This morning I read an email from one of our neighbors. His car had been broken into last night. Only some change had been taken but it wasn’t the first time. He and several other neighbors have been victim of car thefts on our little street in the last couple of years, which is unsettling, as it’s only a matter of time before houses get broken into too, as has happened fairly close by in our neighborhood. I sent him a consolation email and made a mental note to remind myself to always lock my doors.
Later in the afternoon, I was heading out to pick up our son Theo from his karate class and I spotted a brightly decorated truck at the end of the street, parked below the Chandelier Tree. It’s a truck that we see on our street a lot because it belongs to Tomas, a delightful, eccentric guy who has his own gardening business. The truck is painted with lush foliage and flowers from a rain forest, and Tomas himself is equally as colorful, usually dressed in rainbow pants and a floppy sun hat. A tall, slim guy with a hippy vibe, Tomas is not your typical gardener. He works for himself and is really a garden-artist with a very creative, mellow and wholistic approach to gardens – and to life in general. I hired him to sort out our irrigation system recently, and he thoughtfully examined the whole garden and suggested a number of clever ways to reduce our water consumption and use what water we do use more carefully.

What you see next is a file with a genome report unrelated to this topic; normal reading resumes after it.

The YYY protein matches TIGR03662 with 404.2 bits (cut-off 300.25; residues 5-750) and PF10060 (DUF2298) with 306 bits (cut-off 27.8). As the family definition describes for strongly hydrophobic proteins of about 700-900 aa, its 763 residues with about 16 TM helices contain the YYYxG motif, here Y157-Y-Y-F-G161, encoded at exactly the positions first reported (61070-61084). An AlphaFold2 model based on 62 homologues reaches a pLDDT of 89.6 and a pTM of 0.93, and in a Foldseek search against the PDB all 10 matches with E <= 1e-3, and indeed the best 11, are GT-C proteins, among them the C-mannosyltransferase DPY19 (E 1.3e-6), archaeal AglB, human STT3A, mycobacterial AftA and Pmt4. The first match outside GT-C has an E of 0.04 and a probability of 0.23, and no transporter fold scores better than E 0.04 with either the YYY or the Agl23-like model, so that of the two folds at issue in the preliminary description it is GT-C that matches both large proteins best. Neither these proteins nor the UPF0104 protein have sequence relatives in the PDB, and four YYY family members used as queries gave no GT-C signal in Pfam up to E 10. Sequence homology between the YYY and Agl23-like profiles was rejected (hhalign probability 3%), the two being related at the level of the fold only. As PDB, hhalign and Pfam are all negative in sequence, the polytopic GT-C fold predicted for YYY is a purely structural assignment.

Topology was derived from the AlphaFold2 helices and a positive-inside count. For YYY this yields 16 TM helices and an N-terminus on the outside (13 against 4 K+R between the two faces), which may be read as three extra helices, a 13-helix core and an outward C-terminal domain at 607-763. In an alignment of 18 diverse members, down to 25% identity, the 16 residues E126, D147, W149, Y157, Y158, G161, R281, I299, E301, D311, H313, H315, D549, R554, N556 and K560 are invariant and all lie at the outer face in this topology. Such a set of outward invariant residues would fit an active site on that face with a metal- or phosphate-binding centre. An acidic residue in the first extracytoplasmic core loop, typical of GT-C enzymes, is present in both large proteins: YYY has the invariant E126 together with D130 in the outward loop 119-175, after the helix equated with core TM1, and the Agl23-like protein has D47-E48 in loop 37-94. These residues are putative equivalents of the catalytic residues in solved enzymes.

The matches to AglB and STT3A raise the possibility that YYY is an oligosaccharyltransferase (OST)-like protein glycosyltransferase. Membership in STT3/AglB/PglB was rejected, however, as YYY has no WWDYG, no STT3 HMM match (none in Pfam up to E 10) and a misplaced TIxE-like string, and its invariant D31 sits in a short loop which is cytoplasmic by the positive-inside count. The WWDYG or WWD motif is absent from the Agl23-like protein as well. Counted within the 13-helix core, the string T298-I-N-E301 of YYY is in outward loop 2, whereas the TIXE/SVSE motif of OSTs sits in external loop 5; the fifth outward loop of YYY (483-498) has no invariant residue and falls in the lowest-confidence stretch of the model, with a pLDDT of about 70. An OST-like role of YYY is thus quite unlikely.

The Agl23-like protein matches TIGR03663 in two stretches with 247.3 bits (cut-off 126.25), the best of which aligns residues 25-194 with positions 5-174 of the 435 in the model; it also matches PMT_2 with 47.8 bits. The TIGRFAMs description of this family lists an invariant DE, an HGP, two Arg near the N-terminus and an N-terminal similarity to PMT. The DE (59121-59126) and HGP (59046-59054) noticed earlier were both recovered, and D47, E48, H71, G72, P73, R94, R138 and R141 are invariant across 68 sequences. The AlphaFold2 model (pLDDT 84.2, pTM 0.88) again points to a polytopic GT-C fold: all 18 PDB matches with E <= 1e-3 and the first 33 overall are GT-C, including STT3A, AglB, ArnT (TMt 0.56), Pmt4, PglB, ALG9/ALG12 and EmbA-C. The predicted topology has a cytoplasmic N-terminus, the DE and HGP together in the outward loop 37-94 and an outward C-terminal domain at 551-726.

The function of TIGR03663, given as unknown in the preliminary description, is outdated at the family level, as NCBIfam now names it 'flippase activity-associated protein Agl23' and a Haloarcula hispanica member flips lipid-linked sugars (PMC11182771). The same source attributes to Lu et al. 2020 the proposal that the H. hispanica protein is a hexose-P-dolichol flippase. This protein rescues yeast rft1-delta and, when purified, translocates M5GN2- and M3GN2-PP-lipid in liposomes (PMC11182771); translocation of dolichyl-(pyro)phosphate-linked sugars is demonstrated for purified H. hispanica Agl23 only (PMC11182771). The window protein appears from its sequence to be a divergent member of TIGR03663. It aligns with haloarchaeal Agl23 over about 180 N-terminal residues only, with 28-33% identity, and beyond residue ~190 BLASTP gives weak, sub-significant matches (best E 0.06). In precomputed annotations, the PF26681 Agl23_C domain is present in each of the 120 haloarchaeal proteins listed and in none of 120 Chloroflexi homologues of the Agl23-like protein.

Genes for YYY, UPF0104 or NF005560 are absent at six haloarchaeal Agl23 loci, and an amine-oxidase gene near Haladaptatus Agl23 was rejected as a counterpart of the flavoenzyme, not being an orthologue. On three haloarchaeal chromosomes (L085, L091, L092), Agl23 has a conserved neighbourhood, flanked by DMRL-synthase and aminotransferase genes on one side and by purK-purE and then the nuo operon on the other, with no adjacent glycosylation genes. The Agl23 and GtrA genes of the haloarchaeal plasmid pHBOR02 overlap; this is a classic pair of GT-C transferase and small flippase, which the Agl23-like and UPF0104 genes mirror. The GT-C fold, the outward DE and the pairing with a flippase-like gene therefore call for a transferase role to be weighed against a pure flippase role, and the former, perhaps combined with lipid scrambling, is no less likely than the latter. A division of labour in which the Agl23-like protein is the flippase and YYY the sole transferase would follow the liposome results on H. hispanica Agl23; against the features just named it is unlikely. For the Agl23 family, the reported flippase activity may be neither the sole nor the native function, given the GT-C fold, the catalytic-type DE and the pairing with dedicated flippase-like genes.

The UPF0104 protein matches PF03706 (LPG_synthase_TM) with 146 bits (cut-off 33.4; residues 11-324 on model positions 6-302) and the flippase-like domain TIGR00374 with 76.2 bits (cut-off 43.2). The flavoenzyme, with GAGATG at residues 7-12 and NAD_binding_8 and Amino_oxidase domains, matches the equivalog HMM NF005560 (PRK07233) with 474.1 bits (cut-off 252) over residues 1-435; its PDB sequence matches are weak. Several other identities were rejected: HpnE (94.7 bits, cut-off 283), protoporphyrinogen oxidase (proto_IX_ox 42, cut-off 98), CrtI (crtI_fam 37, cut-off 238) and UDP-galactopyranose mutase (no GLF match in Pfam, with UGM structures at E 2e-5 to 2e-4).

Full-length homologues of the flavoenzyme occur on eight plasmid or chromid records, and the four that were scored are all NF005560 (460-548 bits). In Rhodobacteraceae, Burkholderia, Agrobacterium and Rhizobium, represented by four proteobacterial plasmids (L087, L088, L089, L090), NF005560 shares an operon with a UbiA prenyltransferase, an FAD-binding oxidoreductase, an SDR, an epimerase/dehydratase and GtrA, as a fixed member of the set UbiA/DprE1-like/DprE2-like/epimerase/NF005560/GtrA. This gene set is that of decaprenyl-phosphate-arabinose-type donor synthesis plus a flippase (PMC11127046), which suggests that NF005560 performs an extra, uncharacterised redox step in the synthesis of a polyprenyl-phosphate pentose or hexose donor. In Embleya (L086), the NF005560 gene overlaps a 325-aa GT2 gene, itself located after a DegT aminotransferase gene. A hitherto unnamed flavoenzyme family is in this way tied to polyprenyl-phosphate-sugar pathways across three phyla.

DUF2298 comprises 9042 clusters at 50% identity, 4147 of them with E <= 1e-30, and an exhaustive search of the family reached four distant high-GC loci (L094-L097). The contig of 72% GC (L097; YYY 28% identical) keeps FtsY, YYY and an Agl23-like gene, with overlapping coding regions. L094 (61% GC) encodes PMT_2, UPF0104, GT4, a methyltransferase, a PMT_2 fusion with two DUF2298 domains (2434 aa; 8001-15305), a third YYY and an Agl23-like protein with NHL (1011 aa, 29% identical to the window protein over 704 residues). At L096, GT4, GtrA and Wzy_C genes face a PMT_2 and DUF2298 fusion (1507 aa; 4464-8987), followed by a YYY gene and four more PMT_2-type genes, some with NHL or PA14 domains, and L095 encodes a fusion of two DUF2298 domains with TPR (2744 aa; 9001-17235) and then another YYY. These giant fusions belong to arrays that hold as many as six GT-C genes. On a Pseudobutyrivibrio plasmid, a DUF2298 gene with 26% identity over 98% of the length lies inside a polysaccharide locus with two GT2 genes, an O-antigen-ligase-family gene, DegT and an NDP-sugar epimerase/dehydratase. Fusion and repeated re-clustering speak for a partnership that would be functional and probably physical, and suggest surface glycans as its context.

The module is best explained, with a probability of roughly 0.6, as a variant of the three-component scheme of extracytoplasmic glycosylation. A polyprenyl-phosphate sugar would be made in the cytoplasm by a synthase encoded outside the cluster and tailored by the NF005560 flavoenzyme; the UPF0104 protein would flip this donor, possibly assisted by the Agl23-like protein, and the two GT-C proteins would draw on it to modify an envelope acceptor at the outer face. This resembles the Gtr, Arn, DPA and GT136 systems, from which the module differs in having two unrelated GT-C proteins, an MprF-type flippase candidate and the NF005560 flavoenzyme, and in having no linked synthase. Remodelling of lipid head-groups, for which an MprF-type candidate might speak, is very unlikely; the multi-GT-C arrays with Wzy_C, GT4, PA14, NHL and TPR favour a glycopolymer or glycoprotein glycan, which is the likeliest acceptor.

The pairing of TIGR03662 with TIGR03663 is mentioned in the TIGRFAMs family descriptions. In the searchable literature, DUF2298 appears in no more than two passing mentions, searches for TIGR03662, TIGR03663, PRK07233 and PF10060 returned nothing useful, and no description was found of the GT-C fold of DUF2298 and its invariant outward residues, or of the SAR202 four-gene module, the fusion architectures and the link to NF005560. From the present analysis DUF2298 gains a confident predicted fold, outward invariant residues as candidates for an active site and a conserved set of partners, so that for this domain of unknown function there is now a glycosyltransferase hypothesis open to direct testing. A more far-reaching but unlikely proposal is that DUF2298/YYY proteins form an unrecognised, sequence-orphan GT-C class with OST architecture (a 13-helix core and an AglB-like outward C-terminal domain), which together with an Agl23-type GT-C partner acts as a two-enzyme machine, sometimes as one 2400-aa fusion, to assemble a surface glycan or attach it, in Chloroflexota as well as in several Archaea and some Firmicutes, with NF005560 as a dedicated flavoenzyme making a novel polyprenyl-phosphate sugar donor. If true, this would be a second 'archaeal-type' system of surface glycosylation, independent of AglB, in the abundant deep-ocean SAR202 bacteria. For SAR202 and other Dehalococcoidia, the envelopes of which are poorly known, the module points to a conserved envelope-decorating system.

We chatted a fair bit while he was working here and several times since when he’s been on our street, and became Facebook buddies. Which is how I noticed that it was his birthday recently. I didn’t see him that day, but I had a coffee mug embellished with words of wisdom that I thought might appeal to his philosophical side, so attached a Belated Happy Birthday note to it and positioned it near the front door so I could run out with it if I saw his truck. A couple of weeks passed, but today when I spotted the truck I turned my car around, drove back home and picked up the mug. I drove back down to his truck, looked round for him but couldn’t see him anywhere, so I looked to see if he’d left a window open. His front window was wide open, so I placed the mug on the front seat and left it there, a sort of reverse car break-in gift.
When I returned home later, I spotted my gardener friend. He was with Adam, the creator of the Chandelier Tree. He was at the top of a tall ladder, helping him to attach another chandelier to the branches of the magnificent sycamore.